Refugees from a well-watered West

Review of “Relicts of a Beautiful Sea” by Christopher Norment.

 

Relicts of a Beautiful Sea: Survival, Extinction, and Conservation in a Desert World
Christopher Norment
288 pages
hardcover: $28.
University of North Carolina Press, 2014.

Relicts of a Beautiful Sea is a wide-ranging, obsessively detailed and oddly inspiring book –– an intriguing tapestry of scientific exploration and natural history that also takes turns as a eulogy, a love letter, a poem and ultimately a plea.

In Relicts, Christopher Norment — a professor of environmental science and biology — sets out to consider the nonmonetary value of six “relatively obscure” Great Basin and Mojave desert species that we can’t eat, hunt or sell: black toads, Inyo slender salamanders and four species of pupfishes.

Why these six species? In part because of their obscurity: Due to their small sizes and relative inaccessibility, Norment writes, they “carry little of the innate appeal” of charismatic megafauna such as gray wolves or whooping cranes, nor do they play much of an economic role. That obscurity allows us to ponder their worth without immediately reaching for our wallets.

They are also, however, aquatic species restricted to tiny patches of habitat in the Mojave and Great Basin deserts — vulnerable to water prospectors, the bright tentacles of Las Vegas and the thirsty whirlpool roar of Los Angeles.

Norment points out that similar species have also survived withdrawing- Pleistocene seas, earthquakes, uplift and hot water only to succumb to thirst or thoughtlessness: Tecopa pupfish, for example, which could endure temperatures up to 108 degrees but went extinct after hot springs outflows were developed and combined for bathhouses; Las Vegas dace and the Vegas Valley leopard frog, lost in the 1950s and 1940s, respectively, to groundwater pumping for and expansion of Las Vegas itself; the Ash Meadows montane vole, likely extirpated some time in the 1960s as alkali meadows devolved into peat mines, alfalfa farms and ranches.

After a pause to remember the fallen, Norment moves on to the precarious living, one species and one chapter at a time. As he weighs their worth, Norment visits the animals themselves, the people trying to save them and those who might someday have a hand in their destruction. He travels from the deep past — describing a volcanic eruption 760,000 years ago that could have buried or burned Inyo slender salamanders out of existence, but somehow didn’t — to the present and near future, examining the threats the pupfishes face from Las Vegas’ and Los Angeles’ ongoing searches for water, among other things.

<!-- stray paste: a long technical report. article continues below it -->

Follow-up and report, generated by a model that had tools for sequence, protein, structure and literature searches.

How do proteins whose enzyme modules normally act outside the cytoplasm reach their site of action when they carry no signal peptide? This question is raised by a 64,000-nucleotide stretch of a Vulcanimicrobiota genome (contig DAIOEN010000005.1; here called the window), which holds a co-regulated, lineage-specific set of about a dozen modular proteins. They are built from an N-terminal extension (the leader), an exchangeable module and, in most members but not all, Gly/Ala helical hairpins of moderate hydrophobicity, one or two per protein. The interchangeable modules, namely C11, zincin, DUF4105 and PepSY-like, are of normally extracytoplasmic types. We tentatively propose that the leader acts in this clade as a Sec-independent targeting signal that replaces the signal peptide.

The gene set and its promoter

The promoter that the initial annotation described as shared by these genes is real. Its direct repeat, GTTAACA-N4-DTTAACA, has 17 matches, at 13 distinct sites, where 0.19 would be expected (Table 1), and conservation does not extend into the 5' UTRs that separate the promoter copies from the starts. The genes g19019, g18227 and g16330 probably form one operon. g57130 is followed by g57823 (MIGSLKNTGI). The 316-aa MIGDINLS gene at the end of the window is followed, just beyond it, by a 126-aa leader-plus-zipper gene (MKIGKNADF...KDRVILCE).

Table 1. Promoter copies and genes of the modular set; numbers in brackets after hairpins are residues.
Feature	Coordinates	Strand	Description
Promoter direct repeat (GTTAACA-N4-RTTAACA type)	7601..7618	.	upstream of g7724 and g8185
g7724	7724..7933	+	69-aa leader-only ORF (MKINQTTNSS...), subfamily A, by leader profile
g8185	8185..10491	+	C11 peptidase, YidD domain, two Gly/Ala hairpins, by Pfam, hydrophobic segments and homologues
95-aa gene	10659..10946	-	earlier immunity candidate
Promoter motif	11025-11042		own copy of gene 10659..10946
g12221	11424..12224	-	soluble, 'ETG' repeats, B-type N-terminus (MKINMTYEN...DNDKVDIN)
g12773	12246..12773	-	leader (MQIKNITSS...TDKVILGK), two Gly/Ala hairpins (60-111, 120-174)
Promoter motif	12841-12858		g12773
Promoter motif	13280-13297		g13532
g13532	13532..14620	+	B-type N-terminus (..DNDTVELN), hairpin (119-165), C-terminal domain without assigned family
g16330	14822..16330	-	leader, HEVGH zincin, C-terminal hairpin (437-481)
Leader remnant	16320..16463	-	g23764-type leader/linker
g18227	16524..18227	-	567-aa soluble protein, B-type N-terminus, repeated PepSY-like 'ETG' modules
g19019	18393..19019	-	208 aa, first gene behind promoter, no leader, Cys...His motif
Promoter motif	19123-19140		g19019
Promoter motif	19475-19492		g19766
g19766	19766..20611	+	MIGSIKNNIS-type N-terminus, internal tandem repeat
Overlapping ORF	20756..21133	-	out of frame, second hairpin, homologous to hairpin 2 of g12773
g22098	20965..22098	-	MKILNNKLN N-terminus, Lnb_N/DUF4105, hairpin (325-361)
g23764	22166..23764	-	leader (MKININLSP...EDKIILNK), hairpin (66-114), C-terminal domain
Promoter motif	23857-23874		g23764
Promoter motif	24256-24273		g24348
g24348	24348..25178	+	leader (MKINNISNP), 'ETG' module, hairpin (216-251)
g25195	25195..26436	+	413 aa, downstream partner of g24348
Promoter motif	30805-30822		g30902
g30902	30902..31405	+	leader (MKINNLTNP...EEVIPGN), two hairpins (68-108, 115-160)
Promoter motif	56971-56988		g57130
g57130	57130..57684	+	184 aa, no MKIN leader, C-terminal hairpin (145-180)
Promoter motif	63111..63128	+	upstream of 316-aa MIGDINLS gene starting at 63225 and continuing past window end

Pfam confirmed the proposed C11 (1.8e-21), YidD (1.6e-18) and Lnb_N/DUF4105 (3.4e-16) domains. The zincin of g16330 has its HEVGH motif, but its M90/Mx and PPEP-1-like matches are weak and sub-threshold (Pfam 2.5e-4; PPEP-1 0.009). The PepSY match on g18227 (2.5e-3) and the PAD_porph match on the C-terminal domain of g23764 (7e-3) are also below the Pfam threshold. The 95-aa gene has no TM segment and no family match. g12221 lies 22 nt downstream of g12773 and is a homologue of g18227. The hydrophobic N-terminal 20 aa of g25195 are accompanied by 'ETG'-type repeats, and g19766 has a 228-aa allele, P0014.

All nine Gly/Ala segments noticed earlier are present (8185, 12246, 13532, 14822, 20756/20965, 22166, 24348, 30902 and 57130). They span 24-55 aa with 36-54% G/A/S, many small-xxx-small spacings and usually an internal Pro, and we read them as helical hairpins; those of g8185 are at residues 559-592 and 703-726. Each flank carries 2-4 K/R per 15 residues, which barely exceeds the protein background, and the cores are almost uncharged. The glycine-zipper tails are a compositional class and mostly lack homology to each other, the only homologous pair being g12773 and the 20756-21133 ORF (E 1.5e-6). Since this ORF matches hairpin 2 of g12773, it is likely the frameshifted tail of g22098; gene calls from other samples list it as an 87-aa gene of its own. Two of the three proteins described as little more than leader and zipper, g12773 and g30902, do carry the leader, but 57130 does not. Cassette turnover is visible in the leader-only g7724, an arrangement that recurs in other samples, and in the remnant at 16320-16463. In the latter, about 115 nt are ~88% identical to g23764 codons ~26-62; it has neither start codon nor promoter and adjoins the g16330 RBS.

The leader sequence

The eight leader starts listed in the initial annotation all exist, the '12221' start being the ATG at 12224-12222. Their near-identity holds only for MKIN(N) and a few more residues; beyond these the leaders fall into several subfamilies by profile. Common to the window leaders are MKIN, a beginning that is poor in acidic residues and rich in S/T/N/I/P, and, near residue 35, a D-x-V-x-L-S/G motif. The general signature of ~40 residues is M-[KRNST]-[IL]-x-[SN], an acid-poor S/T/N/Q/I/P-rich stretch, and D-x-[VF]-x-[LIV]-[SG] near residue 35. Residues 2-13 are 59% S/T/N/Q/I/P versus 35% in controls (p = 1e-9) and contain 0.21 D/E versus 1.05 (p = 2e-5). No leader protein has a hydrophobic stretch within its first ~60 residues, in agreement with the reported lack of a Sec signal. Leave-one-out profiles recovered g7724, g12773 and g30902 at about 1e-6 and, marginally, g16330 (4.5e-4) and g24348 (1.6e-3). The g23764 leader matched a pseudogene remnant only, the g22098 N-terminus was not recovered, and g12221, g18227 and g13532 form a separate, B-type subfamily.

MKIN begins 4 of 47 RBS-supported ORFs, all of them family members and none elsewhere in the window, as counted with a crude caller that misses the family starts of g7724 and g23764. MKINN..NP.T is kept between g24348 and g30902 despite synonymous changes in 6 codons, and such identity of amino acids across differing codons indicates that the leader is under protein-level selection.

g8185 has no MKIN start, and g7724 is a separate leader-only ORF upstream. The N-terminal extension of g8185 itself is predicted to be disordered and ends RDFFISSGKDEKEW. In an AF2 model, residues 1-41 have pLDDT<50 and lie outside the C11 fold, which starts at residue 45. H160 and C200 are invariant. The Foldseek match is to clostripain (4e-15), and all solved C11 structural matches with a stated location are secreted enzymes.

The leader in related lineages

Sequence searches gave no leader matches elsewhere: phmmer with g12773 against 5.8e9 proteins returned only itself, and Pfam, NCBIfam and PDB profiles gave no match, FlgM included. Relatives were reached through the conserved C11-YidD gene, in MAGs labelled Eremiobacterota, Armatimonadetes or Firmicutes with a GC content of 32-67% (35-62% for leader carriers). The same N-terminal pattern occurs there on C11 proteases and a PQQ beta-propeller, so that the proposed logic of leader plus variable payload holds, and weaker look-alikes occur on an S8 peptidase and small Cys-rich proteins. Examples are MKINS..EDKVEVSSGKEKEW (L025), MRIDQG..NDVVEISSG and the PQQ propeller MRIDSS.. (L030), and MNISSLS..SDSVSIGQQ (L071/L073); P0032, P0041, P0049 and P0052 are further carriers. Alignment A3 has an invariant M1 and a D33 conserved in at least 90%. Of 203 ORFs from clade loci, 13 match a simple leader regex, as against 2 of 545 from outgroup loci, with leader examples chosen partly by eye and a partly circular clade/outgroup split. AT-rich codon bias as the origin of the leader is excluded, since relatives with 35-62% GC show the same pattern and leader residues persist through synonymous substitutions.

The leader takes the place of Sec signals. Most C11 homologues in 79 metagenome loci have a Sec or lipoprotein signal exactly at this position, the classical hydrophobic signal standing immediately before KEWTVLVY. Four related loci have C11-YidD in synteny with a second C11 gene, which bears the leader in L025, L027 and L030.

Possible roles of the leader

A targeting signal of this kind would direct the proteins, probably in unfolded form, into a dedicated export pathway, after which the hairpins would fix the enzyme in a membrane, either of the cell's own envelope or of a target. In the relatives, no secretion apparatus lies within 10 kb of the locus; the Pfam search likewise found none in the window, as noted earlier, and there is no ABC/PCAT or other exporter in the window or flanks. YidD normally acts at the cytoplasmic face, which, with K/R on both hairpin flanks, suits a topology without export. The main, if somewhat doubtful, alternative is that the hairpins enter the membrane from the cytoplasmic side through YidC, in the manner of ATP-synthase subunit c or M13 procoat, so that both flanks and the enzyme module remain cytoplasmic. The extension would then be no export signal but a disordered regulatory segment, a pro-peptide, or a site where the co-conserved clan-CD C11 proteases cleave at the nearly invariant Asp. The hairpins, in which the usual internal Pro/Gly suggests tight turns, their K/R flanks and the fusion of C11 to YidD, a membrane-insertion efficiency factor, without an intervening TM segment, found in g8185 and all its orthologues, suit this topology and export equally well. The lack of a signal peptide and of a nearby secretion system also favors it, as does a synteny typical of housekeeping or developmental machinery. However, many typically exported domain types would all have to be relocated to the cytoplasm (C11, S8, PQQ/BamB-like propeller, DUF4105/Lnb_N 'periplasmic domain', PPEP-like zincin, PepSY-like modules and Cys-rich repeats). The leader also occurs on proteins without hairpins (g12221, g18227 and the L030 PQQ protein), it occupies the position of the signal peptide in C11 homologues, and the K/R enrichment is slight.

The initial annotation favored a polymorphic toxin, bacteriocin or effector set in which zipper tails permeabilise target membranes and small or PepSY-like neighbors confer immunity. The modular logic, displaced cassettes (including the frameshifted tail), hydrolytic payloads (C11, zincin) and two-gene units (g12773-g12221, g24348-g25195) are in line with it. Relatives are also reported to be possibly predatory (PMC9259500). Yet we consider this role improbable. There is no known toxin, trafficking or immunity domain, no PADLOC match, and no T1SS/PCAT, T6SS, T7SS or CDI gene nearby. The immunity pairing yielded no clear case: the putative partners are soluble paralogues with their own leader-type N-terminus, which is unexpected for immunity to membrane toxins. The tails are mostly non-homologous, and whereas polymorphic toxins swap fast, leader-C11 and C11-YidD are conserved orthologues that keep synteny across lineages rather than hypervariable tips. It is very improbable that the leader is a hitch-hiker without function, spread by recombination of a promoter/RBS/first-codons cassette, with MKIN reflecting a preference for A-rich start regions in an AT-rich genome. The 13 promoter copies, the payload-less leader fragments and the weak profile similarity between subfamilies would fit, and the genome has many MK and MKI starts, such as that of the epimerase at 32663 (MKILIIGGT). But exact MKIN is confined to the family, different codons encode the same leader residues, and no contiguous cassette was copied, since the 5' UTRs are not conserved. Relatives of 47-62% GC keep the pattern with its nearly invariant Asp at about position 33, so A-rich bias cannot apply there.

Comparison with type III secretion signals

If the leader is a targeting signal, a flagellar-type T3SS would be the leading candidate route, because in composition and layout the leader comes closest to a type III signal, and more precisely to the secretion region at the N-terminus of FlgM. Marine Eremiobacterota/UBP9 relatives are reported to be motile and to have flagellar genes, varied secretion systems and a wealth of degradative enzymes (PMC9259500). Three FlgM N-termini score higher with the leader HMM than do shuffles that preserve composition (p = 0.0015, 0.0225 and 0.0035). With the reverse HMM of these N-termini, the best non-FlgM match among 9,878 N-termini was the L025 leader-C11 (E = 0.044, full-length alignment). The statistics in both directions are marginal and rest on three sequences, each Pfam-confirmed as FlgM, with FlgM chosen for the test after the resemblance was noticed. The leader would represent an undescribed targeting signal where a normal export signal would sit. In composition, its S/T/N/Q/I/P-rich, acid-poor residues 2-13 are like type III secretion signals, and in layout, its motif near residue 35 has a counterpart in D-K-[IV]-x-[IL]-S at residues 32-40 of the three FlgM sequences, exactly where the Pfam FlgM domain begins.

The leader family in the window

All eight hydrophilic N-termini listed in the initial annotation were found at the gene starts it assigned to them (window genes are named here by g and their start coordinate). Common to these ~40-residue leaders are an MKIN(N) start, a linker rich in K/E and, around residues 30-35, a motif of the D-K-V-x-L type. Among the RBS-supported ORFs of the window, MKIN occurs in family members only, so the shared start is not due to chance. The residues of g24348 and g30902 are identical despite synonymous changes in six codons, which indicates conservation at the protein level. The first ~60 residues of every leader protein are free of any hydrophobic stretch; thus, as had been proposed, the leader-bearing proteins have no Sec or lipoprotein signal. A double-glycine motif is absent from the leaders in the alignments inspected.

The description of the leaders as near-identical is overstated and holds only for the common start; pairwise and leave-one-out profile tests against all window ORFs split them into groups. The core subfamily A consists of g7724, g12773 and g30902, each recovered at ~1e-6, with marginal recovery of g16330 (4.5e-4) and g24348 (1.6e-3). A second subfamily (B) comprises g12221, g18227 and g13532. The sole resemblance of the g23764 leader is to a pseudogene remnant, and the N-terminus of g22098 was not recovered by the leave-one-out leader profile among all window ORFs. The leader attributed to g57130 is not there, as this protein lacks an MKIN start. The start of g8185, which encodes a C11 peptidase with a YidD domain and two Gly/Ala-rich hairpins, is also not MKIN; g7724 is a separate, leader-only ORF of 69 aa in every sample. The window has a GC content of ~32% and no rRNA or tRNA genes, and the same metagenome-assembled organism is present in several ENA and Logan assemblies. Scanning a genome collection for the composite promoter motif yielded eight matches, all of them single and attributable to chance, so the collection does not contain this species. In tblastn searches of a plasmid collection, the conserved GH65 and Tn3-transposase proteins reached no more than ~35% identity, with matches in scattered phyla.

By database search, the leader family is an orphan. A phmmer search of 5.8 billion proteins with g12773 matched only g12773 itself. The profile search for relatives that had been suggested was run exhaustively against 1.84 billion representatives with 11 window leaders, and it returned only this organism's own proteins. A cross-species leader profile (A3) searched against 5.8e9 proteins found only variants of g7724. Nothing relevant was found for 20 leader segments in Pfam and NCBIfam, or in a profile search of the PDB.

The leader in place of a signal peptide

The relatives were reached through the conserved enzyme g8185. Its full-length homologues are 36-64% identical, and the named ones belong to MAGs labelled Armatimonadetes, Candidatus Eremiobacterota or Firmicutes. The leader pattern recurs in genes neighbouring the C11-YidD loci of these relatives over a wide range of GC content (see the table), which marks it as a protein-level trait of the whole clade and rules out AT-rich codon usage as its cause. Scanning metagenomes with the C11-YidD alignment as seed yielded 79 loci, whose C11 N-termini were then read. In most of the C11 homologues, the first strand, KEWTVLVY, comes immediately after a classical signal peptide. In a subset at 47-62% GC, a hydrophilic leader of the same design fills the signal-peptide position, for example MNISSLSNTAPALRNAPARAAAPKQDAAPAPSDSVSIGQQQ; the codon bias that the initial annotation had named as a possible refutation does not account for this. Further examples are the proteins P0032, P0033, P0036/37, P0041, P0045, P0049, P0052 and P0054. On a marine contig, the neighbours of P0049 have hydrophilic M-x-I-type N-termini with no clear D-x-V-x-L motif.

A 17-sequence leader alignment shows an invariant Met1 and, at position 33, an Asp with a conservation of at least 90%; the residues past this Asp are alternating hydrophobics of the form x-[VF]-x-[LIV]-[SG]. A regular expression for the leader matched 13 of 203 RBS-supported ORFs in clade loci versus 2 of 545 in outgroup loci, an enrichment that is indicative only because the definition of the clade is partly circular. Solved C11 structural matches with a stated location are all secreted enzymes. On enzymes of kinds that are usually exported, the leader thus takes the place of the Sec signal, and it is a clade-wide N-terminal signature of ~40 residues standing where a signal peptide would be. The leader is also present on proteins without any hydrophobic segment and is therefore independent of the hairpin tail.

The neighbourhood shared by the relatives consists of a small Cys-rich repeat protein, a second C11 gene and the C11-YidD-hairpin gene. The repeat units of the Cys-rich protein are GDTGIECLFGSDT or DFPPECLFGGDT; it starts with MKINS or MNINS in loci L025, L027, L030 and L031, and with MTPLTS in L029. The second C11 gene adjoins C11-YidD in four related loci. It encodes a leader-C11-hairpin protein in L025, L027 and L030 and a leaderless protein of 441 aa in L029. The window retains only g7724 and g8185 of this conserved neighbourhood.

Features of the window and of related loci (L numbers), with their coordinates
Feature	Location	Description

He explores abstract concepts such as loneliness and hope while circling back to concrete and enchanting tidbits of information, such as the world’s remaining weight of Devils Hole pupfish — measured in raisins — and what their vocalizations sound like underwater (squirrels gnawing on walnuts). 

Norment loves his diminutive subjects enough to actually risk using the word “love.” What can a scientist so steeped in wonder communicate to someone who says, as one woman in the book does about extinct Tecopa pupfish, “I think they were pretty tiny, not good for much of anything. You couldn’t eat them. Not like trout.”?

Salt Creek pupfish, Cyprinodon salinus salinus.
Scott Hein

Norment’s answers turn out to be surprisingly good ones. He doesn’t try to make a direct appeal to the people who prize false fountains and alfalfa farms far more than desert springs and species (and who — let’s face it — are unlikely to read this book).

Instead, he writes a thoughtful and thought-provoking letter to the rest of us: those who didn’t know desert aquatic species existed, those who take them for granted or rationalize that they’ll survive our tender inattention, and even those who have almost given up, who are already privately lamenting the loss of the tiny beleaguered species and places they love. Especially those.

“Think about how resilient the pupfish are, and what they have endured,” Norment writes, “and then contemplate, gently, your own struggles and what you have endured. For all of us, at some time or another, this can be a dogshit world, unbelievably cruel and sorrowful and painful. ... But I will say this: that in my own life I have been consoled and heartened by the strength of pupfish and salamanders. ... Their presence in the world, their insistent example, helps me to endure and go on, too.”

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